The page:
As good as this entire build has turned out, it is not without its problems. There has only been two problems. The first is compressor surges. As stated previously, the car is capped at 8psi. The reason behind such decision was that below about 4500rpm, the compressor surges past 8psi. The cause? the turbo is too small for the car. The small size and the low A/R means quick and low rpm spool, but it also means poor flow on the exhaust side. The solution here is to step up to a bigger turbo.
The second issues is also related to the turbo. Once again, the small size and the low A/R means quick and low rpm spool. This causes a driveability issue where if you suddenly put your foot down instead of rolling onto the throttle quickly, the turbo spools so fast the car goes lean and almost dies. The solution is again to step up to a bigger turbo or use a larger A/R housing on the exhaust side to force the turbo to spool slower.

Driving Impressions (10,000miles):
The improved low end torque really improves the drivability of the car. The car gets up to speed a lot faster, pasting and joining traffic is a lot easier without needing to floor the car. I don't know if other I4 owners feels the same way, but the AC on these cars feels extremely laboring on the engine. The turbo really eliminated this issue for me.

Future:
To resolve the two problems stated above, I've decided to step up to a GT3076r with an internally wastegated exhaust housing. The larger A/R and larger turbine all together should prevent these issues from occurring again. Not to mention the ability to make more power.

The TD04L-14T specs:
0.49 A/R
Compressor wheel: 39.5 / 51 mm
Turbine wheel: 41.3 / 47 mm

The GT3076r specs:
0.82 A/R
Compressor wheel: 57 / 76 mm
Turbine wheel: 55 / 60 mm

To be continued ...
 

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3076r .82.... :O that is a big turbine. I just noticed you and I have different camshafts (Z2 vs Z3) but that shouldn't affect the hardware too much and I was thinking 2560 and MAYBE 28(60)RS series. Since you mention "Not to mention the ability to make more power" , do you plan on going lower compression and more boost? I'll just wait and find out. Keep them coming and thank you.
 

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Turbocharged
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Discussion Starter #34
3076r .82.... :O that is a big turbine. I just noticed you and I have different camshafts (Z2 vs Z3) but that shouldn't affect the hardware too much and I was thinking 2560 and MAYBE 28(60)RS series. Since you mention "Not to mention the ability to make more power" , do you plan on going lower compression and more boost? I'll just wait and find out. Keep them coming and thank you.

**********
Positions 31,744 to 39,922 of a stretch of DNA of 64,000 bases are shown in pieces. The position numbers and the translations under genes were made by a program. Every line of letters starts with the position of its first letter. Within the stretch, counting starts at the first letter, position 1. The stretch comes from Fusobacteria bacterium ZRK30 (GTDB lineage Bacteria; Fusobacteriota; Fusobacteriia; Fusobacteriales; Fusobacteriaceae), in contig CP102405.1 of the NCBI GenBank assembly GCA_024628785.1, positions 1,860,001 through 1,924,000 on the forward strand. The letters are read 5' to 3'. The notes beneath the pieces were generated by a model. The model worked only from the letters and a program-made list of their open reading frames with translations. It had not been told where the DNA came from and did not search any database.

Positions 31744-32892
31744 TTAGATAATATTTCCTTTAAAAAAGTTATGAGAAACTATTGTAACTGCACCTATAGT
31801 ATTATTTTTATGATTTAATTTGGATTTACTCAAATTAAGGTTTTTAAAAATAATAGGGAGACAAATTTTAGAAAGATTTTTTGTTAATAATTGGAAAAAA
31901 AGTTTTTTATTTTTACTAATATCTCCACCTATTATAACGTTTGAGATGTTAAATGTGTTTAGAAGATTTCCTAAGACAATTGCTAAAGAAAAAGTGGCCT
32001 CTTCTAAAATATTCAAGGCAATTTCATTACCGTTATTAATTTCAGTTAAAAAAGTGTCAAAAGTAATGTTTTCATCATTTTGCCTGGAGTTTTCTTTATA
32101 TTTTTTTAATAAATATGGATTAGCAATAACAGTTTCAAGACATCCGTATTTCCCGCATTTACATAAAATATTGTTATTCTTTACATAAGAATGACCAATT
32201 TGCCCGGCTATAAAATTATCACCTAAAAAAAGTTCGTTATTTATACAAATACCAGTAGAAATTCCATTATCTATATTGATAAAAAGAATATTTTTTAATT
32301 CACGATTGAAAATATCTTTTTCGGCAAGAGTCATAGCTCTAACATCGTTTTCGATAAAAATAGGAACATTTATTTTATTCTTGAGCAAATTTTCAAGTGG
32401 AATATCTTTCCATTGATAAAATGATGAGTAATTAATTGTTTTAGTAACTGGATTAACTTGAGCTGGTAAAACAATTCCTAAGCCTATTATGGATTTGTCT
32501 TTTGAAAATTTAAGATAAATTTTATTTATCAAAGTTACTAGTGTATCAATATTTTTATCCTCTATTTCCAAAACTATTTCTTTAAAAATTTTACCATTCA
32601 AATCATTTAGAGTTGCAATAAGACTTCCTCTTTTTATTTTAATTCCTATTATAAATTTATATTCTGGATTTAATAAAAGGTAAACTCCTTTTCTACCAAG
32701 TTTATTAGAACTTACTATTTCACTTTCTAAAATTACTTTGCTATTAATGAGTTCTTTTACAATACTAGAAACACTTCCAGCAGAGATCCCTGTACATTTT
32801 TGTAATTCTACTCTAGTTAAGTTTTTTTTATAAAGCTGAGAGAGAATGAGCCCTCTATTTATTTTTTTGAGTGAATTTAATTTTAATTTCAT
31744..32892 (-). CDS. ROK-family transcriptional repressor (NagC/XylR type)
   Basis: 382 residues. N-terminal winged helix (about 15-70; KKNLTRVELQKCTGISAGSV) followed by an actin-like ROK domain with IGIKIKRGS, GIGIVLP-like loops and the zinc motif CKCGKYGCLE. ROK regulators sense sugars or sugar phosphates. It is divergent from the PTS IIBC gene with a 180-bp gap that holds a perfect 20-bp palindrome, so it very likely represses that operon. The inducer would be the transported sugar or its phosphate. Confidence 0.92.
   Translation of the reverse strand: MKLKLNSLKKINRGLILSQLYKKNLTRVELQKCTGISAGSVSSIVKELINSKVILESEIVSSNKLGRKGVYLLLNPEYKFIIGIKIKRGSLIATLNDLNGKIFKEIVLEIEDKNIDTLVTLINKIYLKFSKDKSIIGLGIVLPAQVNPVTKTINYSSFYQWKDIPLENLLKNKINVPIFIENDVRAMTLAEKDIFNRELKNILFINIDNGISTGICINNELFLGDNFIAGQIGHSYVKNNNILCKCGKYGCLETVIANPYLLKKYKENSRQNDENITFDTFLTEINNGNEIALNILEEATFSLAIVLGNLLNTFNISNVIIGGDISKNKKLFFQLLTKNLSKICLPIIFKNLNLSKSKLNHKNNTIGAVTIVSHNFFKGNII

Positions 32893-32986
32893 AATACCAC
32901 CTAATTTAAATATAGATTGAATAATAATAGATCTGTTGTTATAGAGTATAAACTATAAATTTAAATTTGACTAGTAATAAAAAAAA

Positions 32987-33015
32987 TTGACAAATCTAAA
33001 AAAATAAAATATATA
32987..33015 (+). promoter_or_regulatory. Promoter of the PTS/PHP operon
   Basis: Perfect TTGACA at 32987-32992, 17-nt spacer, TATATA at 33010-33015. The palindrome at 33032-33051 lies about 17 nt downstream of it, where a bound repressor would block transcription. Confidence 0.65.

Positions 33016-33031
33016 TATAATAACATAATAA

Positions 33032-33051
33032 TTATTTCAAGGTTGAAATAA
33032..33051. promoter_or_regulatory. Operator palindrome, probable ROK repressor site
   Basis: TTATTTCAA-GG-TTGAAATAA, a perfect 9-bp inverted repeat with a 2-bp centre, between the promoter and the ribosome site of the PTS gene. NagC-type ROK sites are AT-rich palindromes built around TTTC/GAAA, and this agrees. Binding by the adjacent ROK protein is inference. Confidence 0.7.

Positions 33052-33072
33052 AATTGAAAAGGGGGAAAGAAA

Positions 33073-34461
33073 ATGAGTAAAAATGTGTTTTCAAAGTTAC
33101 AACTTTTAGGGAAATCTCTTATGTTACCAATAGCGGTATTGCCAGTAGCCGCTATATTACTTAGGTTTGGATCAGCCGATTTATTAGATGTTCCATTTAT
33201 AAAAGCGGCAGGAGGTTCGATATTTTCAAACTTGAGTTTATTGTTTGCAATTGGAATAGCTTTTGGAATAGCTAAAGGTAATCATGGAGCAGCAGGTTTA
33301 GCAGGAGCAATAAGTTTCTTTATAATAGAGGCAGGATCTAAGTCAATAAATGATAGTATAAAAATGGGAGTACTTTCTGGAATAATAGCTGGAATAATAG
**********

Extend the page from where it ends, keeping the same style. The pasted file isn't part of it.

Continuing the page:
Again, not an expert since it's my first time doing this. But the from what I read, the bigger turbo with more flow can be more efficient at the same pressure. I presume this is because there is less boost drop up top and thus more torque in the higher rpm range. Thus literally more "power". I think I have the only boosted K24Z2 around, I have the benefit of having a lower compression to begin with compared to the Z3 and the Z7. I will probably stick with 8psi just to keep things low stressed and reliable. I don't want to build a motor just yet, also the inability to have non-factory MAP means the AT cars are limited to 14psi anyways.

How did you measure the 0-60? Is it with or without the 1ft rollout allowance?
With an app. I dont know if the app includes a 1ft rollout. So that 0-60 should be taken with a grain of salt. (although it should be very close)

If the weather permits, I'll be making a few 1/4mi passes this Friday. That will be the most accurate number with the Compulink Timing System.
 

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port & polish everything
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Hey dude, when you do your engine inspection, maybe consider a used oil analysis also, if you did not already.

Some key things they can find are high silicon (dust or coolant ingestion, IE headgasket leak), high lead (high bearing wear), among others. I'm sure you are already checking coolant level for any visible loss.

I've used blackstone before, but there are a couple vendors. Last time was on my 2003 FBO K24 a long time ago, but because I had no problems, there were no findings and not very insightful, which is probably a good thing.

 

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Turbocharged
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Discussion Starter #36
Hey dude, when you do your engine inspection, maybe consider a used oil analysis also, if you did not already.

Some key things they can find are high silicon (dust or coolant ingestion, IE headgasket leak), high lead (high bearing wear), among others. I'm sure you are already checking coolant level for any visible loss.

I've used blackstone before, but there are a couple vendors. Last time was on my 2003 FBO K24 a long time ago, but because I had no problems, there were no findings and not very insightful, which is probably a good thing.

Thanks for the reminder. Everything's good from the surface, but an oil analysis should help identify any abnormal/excess wear.